Diet Coke is the second biggest soft drink brand globally, with a value of over $11 billion. Last year the company’s revenue dropped by 8 per cent in Europe in the late summer months. With the help of the fourth Diet Coke hunk and a number of other ads celebrating the brand’s history, the brand now looks to its past to retain its ‘lifestyle’ status. By going back to its roots and “putting the brand at the heart of  its stories in a fashionable, 21st century way”, it seeks to revitalize the "true Diet Coke experience", especially by aiming at a younger audience and those, who may not remember the original campaigns.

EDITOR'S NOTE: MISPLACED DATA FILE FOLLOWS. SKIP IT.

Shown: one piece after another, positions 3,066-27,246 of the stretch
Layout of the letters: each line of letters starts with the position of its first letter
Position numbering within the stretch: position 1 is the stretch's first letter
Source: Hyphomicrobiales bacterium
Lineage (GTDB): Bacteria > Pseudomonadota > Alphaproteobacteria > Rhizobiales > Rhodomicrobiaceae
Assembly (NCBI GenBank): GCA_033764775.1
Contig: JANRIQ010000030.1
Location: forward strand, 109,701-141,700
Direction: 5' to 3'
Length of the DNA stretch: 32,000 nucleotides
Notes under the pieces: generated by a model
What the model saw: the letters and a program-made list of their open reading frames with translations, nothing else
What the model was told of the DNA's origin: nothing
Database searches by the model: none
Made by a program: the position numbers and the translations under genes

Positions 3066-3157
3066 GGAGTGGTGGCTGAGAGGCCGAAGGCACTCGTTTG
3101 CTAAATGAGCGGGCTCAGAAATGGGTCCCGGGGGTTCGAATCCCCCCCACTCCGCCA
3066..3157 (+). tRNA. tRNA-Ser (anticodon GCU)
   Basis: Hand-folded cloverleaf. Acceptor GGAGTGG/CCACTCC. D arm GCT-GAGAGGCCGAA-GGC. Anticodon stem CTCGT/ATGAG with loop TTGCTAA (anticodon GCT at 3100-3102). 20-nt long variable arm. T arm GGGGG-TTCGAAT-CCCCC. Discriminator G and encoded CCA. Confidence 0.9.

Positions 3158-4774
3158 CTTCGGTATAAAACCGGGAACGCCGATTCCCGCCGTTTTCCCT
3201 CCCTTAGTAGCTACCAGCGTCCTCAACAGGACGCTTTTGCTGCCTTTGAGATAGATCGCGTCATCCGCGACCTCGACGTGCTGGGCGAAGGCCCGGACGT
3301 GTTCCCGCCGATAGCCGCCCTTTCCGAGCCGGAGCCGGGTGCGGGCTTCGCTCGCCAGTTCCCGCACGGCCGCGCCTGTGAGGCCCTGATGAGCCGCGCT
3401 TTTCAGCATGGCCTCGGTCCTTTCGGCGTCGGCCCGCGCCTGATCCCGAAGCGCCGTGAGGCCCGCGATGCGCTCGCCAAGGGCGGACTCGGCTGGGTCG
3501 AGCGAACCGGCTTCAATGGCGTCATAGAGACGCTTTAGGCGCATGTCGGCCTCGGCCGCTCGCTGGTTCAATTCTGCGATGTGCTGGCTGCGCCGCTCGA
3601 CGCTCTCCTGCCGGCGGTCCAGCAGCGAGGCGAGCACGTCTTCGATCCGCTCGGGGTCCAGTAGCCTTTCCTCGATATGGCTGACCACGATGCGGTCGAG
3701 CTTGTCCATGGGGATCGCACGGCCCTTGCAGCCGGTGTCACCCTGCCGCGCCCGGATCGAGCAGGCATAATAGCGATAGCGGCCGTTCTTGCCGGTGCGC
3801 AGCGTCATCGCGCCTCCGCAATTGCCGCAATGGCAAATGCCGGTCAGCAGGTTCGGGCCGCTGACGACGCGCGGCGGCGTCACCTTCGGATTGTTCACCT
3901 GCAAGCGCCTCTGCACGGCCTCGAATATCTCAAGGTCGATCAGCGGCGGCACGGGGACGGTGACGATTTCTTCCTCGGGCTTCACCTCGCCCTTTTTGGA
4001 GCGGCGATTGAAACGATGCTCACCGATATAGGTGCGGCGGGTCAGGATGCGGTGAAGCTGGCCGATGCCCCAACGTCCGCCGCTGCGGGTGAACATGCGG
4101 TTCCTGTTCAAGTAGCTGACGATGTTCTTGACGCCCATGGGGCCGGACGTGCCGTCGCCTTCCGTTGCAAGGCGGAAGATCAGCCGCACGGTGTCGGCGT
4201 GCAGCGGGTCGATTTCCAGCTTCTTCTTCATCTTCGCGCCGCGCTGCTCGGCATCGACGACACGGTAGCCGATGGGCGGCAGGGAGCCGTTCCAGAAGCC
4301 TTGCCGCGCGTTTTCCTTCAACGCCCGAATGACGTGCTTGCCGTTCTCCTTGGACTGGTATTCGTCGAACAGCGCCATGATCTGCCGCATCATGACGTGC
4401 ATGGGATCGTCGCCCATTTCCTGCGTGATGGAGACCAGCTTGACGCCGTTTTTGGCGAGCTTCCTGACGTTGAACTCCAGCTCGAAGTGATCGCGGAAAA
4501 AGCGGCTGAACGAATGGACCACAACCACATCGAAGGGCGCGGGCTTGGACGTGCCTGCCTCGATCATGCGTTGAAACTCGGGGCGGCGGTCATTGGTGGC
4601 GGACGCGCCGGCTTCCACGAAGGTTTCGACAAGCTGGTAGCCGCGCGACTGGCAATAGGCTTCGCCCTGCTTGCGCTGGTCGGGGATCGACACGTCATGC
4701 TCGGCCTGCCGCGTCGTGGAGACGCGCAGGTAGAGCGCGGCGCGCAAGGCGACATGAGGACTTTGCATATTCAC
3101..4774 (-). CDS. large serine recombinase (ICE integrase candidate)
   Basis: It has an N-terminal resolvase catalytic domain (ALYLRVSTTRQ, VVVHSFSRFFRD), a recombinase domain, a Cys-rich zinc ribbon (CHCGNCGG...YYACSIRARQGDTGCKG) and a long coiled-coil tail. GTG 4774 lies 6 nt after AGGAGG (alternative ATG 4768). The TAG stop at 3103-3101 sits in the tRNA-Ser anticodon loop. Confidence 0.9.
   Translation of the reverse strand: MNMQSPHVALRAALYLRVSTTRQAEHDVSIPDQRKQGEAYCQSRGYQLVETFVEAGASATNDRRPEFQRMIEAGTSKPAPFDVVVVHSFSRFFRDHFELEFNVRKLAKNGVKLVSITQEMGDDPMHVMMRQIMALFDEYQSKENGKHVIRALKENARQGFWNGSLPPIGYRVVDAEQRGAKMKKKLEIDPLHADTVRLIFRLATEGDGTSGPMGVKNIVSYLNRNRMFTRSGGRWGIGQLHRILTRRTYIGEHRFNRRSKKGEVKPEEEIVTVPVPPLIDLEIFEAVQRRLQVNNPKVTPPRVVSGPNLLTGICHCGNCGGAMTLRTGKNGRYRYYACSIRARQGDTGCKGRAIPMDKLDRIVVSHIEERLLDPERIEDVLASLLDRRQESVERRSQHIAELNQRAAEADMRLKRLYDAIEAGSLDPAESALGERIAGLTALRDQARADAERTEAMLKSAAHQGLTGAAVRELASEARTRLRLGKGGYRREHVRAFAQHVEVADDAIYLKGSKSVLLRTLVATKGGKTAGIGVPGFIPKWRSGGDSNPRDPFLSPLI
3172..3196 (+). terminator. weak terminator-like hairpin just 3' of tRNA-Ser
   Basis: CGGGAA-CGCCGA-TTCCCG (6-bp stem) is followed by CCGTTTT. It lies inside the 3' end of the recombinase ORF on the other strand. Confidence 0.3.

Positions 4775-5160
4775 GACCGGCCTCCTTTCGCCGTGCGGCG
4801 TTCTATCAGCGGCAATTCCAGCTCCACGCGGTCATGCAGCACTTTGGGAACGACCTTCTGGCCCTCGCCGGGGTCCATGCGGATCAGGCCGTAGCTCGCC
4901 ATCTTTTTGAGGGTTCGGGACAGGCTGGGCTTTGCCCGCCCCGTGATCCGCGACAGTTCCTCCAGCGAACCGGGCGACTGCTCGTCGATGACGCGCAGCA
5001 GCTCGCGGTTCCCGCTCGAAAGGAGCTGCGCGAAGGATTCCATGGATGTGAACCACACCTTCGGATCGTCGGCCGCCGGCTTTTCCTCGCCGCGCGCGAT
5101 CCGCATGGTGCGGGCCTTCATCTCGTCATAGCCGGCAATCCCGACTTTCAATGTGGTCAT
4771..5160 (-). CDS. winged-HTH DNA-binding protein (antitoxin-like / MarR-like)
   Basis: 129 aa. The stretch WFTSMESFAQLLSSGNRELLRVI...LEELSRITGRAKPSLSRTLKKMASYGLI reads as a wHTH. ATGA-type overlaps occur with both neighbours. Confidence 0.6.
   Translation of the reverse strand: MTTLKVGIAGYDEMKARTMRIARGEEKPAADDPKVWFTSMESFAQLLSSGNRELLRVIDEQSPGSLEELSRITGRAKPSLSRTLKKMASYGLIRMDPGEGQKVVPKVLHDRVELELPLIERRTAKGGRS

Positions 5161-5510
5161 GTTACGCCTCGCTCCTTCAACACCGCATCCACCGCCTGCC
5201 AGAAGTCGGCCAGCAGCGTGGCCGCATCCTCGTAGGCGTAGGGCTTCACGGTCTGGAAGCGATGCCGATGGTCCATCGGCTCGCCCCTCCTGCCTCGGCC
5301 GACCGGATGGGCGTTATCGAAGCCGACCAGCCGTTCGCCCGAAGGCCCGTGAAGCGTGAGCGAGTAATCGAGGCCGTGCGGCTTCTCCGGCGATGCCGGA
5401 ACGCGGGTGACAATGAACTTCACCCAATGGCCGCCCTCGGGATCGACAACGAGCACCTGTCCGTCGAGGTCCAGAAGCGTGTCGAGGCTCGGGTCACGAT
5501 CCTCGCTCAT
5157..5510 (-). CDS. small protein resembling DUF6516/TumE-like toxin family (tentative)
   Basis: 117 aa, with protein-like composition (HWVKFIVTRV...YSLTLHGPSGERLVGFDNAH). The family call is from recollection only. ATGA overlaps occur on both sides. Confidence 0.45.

Having concentrated mainly on fashion in its marketing in the 2000’s, cooperating with designers such as Karl Lagerfeld and John Paul Gaultier, it is going to be interesting to see what the effects of a modern Diet Coke hunk ad will be. Will women respond to it in the same way as in the 90’s? Consistency being one of the most important aspects of a strong brand, especially regarding its positioning, it is highly important for a brand to remain loyal to its heritage, yet keep it fresh as well.
 

(Anna Wallin, 10083285, COMM 335-2, brand positioning, lifestyle brand, commercial)

Joachim Scholz, PhD's insight:

Nice to see this ad coming back. But again, I think we through the term lifestyle brand and lifestyle position around too carelessly. I think this is rather an emotional appeal.